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The Wild One

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The Wild One
Theatrical release poster
Directed byLászló Benedek
Screenplay byJohn Paxton
Ben Maddow
Based onCyclists' Raid
1951 story in Harper's
by Frank Rooney
Produced byStanley Kramer
StarringMarlon Brando
Mary Murphy
Robert Keith
Narrated byMarlon Brando
CinematographyHal Mohr
Edited byAl Clark
Music byLeith Stevens
Stanley Kramer Pictures Corp.[1]
Distributed byColumbia Pictures
Release dates
  • December 30, 1953 (1953-12-30) (NYC)
  • February 1954 (1954-02) (US)
Running time
79 minutes
CountryUnited States

The Wild One is a 1953 American crime film directed by László Benedek and produced by Stanley Kramer. The picture is most noted for the character of Johnny Strabler, portrayed by Marlon Brando, whose persona became a cultural icon of the 1950s. The Wild One is considered to be the original outlaw biker film, and the first to examine American outlaw motorcycle gang violence.[2][3][4] The supporting cast features Lee Marvin as Chino, truculent leader of the motorcycle gang "The Beetles".

The film's screenplay was based on Frank Rooney's short story "Cyclists' Raid", published in the January 1951 Harper's Magazine and anthologized in The Best American Short Stories 1952. Rooney's story was inspired by sensationalistic media coverage of an American Motorcyclist Association motorcycle rally that got out of hand on the Fourth of July weekend in 1947 in Hollister, California. The overcrowding, drinking and street stunting were given national attention in the July 21, 1947, issue of Life, with a possibly staged photograph of a wild drunken man on a motorcycle.[5] The events, conflated with the newspaper and magazine reports, Rooney's short story, and the film The Wild One are part of the legend of the Hollister riot.


The Black Rebels Motorcycle Club (BRMC), led by Johnny Strabler,[6][7] rides into Carbonville, California, during a motorcycle race and causes trouble. A member of the motorcycle club, Pidgeon, steals the second-place trophy (the first place one being too large to hide) and presents it to Johnny. After an altercation with a steward, a Highway Patrol policeman orders them to leave.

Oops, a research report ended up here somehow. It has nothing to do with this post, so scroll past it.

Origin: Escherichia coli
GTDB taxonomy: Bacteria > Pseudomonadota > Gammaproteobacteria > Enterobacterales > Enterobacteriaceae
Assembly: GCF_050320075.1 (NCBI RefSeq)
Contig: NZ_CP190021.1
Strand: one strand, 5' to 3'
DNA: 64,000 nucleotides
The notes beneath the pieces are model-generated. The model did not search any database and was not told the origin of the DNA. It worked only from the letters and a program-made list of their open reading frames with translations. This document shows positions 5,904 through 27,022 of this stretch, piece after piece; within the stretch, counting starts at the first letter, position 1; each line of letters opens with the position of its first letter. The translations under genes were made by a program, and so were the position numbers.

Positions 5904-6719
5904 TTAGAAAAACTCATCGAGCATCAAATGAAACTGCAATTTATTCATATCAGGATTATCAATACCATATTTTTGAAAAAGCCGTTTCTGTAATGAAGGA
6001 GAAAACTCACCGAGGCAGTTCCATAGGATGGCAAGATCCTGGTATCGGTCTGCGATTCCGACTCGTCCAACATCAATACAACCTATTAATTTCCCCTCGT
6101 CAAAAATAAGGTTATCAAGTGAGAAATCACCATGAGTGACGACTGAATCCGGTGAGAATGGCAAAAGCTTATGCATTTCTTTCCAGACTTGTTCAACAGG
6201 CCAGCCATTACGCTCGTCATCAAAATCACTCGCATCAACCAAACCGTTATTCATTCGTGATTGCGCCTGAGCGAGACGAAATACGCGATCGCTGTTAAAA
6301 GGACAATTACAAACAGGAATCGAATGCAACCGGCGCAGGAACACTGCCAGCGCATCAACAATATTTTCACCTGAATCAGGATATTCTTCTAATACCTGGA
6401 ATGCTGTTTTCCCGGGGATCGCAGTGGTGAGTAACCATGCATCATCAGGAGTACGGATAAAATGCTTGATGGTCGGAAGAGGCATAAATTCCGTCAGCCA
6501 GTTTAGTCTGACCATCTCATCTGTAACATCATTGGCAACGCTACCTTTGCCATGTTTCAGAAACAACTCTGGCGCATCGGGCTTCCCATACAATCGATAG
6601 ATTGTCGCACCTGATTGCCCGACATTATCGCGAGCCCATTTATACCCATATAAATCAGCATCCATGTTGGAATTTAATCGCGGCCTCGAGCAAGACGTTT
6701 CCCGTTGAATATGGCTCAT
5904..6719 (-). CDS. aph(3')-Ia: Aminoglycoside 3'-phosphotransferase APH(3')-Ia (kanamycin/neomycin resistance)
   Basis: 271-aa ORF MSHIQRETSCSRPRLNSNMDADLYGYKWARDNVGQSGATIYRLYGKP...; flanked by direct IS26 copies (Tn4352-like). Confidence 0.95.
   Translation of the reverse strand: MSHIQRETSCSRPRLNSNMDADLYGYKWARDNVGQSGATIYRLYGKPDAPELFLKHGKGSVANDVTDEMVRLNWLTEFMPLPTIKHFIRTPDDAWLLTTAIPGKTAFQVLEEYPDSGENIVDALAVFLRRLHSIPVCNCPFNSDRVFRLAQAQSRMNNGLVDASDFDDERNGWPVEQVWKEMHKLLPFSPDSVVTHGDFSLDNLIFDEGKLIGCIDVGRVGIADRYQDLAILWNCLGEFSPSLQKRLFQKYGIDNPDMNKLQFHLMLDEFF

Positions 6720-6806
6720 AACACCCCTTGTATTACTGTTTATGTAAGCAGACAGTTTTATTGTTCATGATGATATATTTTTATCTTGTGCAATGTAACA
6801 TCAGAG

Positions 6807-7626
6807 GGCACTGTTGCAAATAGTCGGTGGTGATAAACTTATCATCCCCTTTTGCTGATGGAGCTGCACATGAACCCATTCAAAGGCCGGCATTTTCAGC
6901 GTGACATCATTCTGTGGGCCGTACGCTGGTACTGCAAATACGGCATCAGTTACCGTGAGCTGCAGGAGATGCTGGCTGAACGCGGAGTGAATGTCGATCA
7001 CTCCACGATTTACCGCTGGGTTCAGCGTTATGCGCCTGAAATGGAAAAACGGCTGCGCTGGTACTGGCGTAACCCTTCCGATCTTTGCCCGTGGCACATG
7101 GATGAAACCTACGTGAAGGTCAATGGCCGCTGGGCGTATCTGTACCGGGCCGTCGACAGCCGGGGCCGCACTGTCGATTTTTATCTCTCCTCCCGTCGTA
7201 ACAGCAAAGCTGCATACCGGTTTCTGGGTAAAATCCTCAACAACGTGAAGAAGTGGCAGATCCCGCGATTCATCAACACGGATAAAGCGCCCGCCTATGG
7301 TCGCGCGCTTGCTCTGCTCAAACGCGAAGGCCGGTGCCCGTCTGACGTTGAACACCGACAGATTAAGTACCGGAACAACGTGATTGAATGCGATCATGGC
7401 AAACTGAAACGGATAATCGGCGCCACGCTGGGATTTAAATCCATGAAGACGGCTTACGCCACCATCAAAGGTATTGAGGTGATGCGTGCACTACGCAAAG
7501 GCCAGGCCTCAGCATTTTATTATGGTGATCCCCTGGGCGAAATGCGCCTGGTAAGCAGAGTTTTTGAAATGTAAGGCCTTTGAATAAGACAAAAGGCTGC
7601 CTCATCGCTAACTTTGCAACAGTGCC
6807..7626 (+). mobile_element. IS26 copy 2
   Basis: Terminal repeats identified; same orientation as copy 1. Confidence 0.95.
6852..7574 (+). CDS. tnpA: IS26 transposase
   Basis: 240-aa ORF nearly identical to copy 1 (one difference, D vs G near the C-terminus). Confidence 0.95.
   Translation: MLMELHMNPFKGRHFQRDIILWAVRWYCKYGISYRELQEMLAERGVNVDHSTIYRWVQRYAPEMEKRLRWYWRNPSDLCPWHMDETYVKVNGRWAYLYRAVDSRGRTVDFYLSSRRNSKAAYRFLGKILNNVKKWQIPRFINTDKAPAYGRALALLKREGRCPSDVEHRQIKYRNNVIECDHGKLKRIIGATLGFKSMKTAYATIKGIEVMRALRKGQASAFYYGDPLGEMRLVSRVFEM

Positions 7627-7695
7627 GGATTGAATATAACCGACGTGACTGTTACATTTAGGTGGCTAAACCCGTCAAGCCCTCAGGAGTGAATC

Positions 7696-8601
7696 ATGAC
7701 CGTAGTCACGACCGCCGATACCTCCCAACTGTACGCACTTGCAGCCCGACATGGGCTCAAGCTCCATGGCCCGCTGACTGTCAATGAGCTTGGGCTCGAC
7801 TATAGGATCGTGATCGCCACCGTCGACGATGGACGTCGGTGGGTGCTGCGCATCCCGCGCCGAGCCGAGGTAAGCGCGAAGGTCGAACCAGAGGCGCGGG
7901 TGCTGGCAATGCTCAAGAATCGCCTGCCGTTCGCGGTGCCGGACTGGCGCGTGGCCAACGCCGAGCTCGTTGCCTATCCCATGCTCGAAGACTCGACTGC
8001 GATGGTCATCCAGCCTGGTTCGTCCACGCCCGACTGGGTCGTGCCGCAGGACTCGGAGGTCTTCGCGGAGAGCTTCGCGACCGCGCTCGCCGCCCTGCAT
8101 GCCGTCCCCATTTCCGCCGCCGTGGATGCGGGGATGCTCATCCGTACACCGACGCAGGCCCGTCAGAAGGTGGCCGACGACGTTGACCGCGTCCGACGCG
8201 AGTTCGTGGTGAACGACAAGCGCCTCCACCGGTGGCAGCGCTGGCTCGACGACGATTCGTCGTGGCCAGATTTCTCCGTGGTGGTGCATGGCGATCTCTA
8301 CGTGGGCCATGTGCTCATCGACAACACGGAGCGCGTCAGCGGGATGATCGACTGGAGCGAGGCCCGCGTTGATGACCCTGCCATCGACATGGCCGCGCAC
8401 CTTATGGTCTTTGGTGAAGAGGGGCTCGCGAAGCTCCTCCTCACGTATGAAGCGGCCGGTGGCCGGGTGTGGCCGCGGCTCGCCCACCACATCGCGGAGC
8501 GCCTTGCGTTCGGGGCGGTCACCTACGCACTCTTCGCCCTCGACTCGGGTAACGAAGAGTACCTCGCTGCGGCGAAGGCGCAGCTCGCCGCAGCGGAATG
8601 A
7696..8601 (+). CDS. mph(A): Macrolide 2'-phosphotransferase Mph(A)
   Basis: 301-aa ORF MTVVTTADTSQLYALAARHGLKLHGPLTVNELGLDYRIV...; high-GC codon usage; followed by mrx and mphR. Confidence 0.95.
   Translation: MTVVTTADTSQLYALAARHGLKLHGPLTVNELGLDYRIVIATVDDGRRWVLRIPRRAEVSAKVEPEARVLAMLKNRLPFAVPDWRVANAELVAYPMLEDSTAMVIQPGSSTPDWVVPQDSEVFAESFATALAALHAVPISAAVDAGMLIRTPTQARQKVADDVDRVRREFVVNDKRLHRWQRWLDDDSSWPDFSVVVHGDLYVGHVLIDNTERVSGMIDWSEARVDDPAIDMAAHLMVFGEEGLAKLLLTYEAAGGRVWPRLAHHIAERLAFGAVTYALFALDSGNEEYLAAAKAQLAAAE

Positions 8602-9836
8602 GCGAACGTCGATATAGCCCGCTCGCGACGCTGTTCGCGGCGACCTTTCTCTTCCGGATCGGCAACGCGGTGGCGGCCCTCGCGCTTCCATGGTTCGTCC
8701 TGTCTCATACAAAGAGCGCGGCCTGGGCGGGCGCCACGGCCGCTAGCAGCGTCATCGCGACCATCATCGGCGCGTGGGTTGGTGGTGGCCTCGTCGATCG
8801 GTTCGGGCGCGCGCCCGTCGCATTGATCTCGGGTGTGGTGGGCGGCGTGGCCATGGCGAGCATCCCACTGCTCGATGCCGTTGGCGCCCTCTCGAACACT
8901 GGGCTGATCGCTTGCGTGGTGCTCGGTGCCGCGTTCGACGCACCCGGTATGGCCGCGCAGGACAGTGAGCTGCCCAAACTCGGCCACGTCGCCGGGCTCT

The bikers head to Wrightsville, which has only one elderly, conciliatory lawman, Chief Harry Bleeker, to maintain order. The residents are uneasy, but mostly willing to put up with their visitors. When their antics cause Art Kleiner to swerve and crash his car, he demands that something be done, but Harry is reluctant to act, a weakness that is not lost on the interlopers. This accident results in the gang having to stay longer in town, as one member called Crazy injured himself falling off his motorcycle. Although the young men become more and more boisterous, their custom is enthusiastically welcomed by Harry's brother Frank who runs the local cafe-bar, employing Harry's daughter, Kathie, and the elderly Jimmy.

Johnny meets Kathie and asks her out to a dance being held that night. Kathie politely turns him down, but Johnny's dark, brooding personality visibly intrigues her. When Mildred, another local girl, asks him, "What are you rebelling against, Johnny?", he answers "Whaddaya got?" Johnny is attracted to Kathie and decides to stay a while. However, when he learns that she is the policeman's daughter, he changes his mind. A rival biker club arrives. Their leader Chino bears a grudge against Johnny. Chino reveals the two groups used to be one large club before Johnny split it up. When Chino takes Johnny's trophy, the two start fighting and Johnny wins.

Meanwhile, local Charlie Thomas stubbornly tries to drive through; he hits a parked motorcycle and injures Meatball, one of Chino's bikers. Chino pulls Charlie out and leads both gangs to overturn his car. Harry starts arresting Chino and Charlie, but when other townspeople remind Harry that Charlie would cause problems for him in the future, he only takes Chino to the station. Later that night some members of the rival biker club harass Dorothy, the telephone switchboard operator into leaving, thereby disrupting the townspeople's communication, while the BRMC abducts Charlie and puts him in the same jail cell as Chino, who is too drunk to leave with the club.